The foreground is light. It is dominated by varying shades of light green, interspersed with other colors such as a vey pale yellow, small areas of light purple and gold, to the bottom left. The artist brushstrokes are sweeping and have, allowing viewers to see where they begin and where they end. Some are vertical, others horizontal, yet more others are circular or veering between the north and the south and the west and the east. This painting, due to its brushstrokes, allow a rare glimpse into artistic creativity where even a mere brushstroke can guide viewers towards an interpretation of a painting.
The central figure consumes much of the canvas’ height. It is top heavy and peters down to what one might identify as Sancho Panza’s toothpick-like legs. The top is definitely a human face but a somewhat comical one since it is depicted as wearing multi-colored clothes. The very top is orange and depicts a sombrero. The blue from which the eyes peek out, one black and the other a light orange, could be described as a bandana. To the left side of the face and its right side, both in shades of brown and degrees of burgundy, could be described as the poncho Sancho Panza wore. The remainder of the body is multicolored, with yellow leading to gold, orange, varying degrees of blue, orange and purple, with the legs wearing dark yellow pants.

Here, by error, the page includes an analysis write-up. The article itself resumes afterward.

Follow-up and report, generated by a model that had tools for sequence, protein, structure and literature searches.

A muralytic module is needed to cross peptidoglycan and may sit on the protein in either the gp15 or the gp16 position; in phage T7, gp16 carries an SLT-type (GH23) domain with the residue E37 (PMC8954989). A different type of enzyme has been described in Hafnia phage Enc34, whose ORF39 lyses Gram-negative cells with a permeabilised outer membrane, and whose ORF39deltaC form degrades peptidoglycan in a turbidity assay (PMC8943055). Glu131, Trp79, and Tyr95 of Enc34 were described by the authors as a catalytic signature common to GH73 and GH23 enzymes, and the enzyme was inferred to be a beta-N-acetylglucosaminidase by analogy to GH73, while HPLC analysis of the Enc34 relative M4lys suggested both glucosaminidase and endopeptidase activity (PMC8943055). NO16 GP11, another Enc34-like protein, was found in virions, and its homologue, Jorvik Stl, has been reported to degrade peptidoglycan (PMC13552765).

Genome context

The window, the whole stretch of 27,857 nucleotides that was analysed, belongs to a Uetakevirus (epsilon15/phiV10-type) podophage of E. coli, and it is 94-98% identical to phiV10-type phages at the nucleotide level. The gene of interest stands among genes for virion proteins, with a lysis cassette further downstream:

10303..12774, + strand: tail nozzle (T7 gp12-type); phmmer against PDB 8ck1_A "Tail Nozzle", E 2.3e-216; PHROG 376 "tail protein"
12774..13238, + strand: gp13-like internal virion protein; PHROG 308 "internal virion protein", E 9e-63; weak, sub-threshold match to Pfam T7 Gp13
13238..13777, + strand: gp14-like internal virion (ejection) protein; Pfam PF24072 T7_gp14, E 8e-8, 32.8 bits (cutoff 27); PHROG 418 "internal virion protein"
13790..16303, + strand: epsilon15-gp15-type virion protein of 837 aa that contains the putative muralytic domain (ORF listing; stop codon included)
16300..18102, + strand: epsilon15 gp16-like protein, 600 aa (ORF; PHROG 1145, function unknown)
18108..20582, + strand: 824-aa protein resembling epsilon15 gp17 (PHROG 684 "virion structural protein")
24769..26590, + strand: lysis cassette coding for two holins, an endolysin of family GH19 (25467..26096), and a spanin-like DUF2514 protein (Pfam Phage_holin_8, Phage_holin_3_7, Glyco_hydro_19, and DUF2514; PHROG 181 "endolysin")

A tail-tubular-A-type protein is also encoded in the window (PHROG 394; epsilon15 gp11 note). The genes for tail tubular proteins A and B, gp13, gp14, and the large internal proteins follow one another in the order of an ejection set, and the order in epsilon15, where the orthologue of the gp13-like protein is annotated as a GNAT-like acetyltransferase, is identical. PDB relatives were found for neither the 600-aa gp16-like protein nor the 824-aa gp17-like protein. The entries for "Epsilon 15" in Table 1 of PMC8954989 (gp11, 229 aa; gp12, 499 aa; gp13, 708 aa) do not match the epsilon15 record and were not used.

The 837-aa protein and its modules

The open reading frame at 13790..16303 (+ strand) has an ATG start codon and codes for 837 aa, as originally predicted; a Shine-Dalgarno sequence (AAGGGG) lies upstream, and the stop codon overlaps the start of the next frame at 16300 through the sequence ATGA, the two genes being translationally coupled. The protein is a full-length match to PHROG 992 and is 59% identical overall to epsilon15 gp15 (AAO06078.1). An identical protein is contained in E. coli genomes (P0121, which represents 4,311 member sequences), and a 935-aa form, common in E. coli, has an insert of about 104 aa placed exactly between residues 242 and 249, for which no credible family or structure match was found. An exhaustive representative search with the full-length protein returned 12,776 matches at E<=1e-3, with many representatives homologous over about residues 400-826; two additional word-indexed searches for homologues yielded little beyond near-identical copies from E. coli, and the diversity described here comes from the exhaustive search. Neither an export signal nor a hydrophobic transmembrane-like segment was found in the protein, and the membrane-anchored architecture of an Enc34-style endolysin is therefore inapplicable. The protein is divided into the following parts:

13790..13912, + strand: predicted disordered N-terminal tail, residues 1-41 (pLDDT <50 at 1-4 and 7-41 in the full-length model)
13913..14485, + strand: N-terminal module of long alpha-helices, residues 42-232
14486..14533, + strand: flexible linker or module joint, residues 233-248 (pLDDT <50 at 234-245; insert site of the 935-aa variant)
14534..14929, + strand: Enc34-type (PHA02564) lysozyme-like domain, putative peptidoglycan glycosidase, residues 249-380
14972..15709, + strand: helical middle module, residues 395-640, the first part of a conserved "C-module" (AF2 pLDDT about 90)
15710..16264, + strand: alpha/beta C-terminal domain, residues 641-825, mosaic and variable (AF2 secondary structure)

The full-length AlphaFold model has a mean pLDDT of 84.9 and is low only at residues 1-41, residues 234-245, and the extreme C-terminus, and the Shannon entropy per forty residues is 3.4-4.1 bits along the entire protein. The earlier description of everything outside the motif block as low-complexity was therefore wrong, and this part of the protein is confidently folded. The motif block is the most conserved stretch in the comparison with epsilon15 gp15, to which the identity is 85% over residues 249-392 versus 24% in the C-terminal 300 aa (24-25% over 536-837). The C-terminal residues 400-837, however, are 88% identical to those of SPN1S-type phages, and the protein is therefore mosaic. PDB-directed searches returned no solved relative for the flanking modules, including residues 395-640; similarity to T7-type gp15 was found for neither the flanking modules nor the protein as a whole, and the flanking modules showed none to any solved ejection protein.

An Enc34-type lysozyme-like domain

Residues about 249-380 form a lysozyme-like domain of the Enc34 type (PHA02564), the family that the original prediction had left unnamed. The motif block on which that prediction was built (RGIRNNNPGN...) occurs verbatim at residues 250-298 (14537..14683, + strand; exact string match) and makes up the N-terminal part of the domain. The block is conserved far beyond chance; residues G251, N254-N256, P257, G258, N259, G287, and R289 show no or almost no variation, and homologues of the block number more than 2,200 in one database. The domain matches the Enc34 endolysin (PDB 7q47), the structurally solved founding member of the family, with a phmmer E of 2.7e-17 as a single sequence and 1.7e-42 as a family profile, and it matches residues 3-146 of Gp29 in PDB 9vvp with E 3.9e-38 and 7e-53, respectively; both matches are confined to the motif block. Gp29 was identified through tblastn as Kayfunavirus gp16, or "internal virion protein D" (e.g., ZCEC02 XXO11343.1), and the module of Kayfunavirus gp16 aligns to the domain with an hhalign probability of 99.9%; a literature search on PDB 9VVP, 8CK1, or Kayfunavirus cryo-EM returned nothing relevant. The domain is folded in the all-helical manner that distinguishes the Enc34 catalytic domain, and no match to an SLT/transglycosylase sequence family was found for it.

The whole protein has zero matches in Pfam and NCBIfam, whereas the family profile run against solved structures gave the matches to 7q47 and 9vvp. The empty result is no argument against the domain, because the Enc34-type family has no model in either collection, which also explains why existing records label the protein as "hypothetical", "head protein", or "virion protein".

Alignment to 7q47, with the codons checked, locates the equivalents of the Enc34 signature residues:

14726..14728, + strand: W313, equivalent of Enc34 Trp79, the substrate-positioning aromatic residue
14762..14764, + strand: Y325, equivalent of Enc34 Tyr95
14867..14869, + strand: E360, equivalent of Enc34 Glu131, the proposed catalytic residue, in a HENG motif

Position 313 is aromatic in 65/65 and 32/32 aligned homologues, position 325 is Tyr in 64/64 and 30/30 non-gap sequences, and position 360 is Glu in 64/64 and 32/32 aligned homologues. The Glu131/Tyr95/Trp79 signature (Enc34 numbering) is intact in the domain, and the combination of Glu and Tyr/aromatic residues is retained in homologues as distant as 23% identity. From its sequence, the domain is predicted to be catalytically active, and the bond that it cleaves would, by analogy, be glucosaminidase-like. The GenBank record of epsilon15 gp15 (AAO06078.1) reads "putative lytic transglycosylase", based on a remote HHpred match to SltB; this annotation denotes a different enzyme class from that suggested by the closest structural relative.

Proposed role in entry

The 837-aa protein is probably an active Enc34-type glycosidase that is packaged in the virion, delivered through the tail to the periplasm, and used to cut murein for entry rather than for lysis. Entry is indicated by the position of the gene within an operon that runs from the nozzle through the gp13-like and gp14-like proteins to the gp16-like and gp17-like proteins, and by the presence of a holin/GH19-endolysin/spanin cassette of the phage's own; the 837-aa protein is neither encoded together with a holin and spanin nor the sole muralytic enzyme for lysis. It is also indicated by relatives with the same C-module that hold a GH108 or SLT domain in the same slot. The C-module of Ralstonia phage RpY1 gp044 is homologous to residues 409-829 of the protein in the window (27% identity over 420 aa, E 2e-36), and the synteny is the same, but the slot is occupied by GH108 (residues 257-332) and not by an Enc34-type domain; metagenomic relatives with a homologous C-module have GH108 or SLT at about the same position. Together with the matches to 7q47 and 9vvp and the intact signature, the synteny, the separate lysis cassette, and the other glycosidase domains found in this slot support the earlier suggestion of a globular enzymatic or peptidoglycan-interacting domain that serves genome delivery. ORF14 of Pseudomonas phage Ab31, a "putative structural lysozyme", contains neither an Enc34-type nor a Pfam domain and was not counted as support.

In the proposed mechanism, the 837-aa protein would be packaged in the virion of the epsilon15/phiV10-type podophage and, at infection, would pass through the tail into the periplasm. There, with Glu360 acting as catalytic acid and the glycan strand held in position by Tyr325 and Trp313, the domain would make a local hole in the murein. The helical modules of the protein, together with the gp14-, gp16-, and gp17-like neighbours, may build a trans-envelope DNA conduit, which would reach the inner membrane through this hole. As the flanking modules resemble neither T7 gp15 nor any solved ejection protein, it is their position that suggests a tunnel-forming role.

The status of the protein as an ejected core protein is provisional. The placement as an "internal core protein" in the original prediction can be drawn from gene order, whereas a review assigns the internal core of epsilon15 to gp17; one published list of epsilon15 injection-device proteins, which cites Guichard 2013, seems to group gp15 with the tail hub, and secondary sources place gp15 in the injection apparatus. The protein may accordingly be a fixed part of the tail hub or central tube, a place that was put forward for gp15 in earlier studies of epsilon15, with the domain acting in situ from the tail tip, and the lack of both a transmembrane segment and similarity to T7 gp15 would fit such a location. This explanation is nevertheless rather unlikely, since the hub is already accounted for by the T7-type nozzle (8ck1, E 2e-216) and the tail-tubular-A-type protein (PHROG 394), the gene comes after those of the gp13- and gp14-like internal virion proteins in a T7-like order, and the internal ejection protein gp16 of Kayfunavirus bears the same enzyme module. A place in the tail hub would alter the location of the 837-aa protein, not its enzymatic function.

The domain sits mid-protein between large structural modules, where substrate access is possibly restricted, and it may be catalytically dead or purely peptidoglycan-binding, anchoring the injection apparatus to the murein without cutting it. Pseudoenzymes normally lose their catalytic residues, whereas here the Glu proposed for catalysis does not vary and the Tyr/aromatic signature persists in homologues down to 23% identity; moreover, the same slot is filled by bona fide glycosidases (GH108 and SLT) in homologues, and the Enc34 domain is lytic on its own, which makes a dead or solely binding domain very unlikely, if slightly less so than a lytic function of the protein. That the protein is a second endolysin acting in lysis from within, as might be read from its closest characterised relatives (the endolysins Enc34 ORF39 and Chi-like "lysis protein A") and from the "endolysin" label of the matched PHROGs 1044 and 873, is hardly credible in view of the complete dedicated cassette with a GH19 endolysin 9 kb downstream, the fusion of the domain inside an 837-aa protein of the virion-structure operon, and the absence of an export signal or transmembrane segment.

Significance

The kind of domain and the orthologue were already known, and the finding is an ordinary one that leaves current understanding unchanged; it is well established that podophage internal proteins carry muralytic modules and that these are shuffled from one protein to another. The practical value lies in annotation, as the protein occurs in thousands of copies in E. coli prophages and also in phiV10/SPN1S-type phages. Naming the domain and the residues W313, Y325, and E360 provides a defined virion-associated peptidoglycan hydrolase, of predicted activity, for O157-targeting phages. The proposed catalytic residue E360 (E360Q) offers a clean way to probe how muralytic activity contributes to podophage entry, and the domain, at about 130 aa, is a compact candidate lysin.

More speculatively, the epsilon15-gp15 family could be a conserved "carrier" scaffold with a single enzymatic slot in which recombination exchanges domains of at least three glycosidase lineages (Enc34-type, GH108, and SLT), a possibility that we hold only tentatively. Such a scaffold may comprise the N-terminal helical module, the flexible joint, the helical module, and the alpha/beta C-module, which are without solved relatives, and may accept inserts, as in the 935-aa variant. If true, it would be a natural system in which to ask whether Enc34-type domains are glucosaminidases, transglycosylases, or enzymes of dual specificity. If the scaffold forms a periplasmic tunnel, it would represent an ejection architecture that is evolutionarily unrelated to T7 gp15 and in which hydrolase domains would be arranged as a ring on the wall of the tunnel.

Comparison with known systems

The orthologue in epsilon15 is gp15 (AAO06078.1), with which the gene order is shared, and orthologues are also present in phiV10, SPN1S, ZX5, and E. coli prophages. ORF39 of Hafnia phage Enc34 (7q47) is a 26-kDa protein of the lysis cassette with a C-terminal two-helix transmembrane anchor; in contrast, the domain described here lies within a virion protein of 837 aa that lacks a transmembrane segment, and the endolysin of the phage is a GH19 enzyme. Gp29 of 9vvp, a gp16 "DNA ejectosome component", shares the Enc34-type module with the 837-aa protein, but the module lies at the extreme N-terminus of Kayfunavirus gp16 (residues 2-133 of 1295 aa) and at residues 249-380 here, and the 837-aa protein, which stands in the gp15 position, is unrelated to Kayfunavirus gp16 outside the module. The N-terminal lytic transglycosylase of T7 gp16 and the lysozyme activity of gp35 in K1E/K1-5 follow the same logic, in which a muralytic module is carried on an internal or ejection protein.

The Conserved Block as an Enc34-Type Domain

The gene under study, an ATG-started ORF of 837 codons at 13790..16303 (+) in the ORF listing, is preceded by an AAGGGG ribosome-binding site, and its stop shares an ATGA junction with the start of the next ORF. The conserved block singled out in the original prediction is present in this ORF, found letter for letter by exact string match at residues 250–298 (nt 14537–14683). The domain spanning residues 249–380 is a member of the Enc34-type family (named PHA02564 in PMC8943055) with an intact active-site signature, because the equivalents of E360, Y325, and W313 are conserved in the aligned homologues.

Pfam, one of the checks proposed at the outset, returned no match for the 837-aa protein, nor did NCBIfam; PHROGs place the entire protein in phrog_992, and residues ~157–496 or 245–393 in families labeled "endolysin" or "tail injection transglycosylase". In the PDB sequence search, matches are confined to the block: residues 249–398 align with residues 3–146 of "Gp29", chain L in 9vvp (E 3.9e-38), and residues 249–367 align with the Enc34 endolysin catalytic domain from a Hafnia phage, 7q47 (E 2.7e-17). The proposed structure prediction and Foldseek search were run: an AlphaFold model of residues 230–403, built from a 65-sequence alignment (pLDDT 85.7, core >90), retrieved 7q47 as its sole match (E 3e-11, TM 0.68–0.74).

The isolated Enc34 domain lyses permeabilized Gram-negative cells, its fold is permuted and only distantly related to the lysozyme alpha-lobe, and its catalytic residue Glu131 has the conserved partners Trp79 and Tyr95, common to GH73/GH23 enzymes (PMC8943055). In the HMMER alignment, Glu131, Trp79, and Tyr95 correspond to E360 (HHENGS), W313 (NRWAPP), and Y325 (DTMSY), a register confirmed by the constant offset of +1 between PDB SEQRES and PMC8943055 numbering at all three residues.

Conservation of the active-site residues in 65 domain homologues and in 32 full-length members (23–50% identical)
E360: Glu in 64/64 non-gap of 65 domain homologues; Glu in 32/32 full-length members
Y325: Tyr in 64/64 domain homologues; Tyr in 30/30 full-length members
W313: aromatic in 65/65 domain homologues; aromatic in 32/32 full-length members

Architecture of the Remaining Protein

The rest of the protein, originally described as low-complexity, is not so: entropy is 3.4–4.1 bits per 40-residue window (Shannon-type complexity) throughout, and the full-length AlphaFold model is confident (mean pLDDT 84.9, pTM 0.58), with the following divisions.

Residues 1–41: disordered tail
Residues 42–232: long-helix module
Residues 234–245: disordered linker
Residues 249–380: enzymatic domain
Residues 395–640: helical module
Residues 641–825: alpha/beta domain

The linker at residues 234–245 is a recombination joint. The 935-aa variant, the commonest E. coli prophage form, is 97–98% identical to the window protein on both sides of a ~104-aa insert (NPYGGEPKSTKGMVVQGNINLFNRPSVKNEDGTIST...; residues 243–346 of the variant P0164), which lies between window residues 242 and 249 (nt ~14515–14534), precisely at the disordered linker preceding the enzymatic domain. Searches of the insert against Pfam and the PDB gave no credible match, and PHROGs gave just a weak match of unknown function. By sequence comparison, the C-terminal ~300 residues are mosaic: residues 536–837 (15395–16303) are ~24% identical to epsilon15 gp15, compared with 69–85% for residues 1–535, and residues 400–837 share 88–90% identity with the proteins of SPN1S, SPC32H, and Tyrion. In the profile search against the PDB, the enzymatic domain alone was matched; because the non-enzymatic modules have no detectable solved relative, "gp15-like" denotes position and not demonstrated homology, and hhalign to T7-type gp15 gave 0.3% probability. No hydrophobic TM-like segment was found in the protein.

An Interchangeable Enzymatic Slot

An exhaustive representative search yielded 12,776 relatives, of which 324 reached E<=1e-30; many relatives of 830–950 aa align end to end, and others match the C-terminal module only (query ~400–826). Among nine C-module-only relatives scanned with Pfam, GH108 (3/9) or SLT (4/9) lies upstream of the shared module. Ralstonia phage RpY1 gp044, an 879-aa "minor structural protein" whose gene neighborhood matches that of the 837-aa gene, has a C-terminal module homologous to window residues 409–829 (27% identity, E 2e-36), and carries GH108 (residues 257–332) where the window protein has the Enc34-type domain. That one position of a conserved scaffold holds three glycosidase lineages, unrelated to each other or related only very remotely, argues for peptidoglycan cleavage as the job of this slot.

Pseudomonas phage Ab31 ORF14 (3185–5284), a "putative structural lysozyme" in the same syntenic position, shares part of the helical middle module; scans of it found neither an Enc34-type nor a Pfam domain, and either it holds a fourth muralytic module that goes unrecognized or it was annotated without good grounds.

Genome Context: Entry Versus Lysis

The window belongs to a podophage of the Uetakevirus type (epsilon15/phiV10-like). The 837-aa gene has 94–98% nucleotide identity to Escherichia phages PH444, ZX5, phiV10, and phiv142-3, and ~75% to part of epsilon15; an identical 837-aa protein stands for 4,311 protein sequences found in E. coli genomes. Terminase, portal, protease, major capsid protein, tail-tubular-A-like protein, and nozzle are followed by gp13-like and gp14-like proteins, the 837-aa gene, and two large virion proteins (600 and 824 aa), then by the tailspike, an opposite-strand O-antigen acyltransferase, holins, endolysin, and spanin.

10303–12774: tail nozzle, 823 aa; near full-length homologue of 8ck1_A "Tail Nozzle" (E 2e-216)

The clash of colors, representing Panza’s clothing, runs from he comical to the thoughtful. When squire to Don Quixote he often played the comical fool but, at times, he displayed thoughtfulness. Hence, the colors selected for his clothing are comical but, they took deep thought.
Though Sancho is ignorant, illiterate, cowardly, and foolish, he nonetheless proves himself a wise and just ruler, a better governor than the educated, wealthy, and aristocratic Duke. By the time Sancho returns home for the last time, he has gained confidence in himself and in his ability to solve problems, regardless of his lower-class status.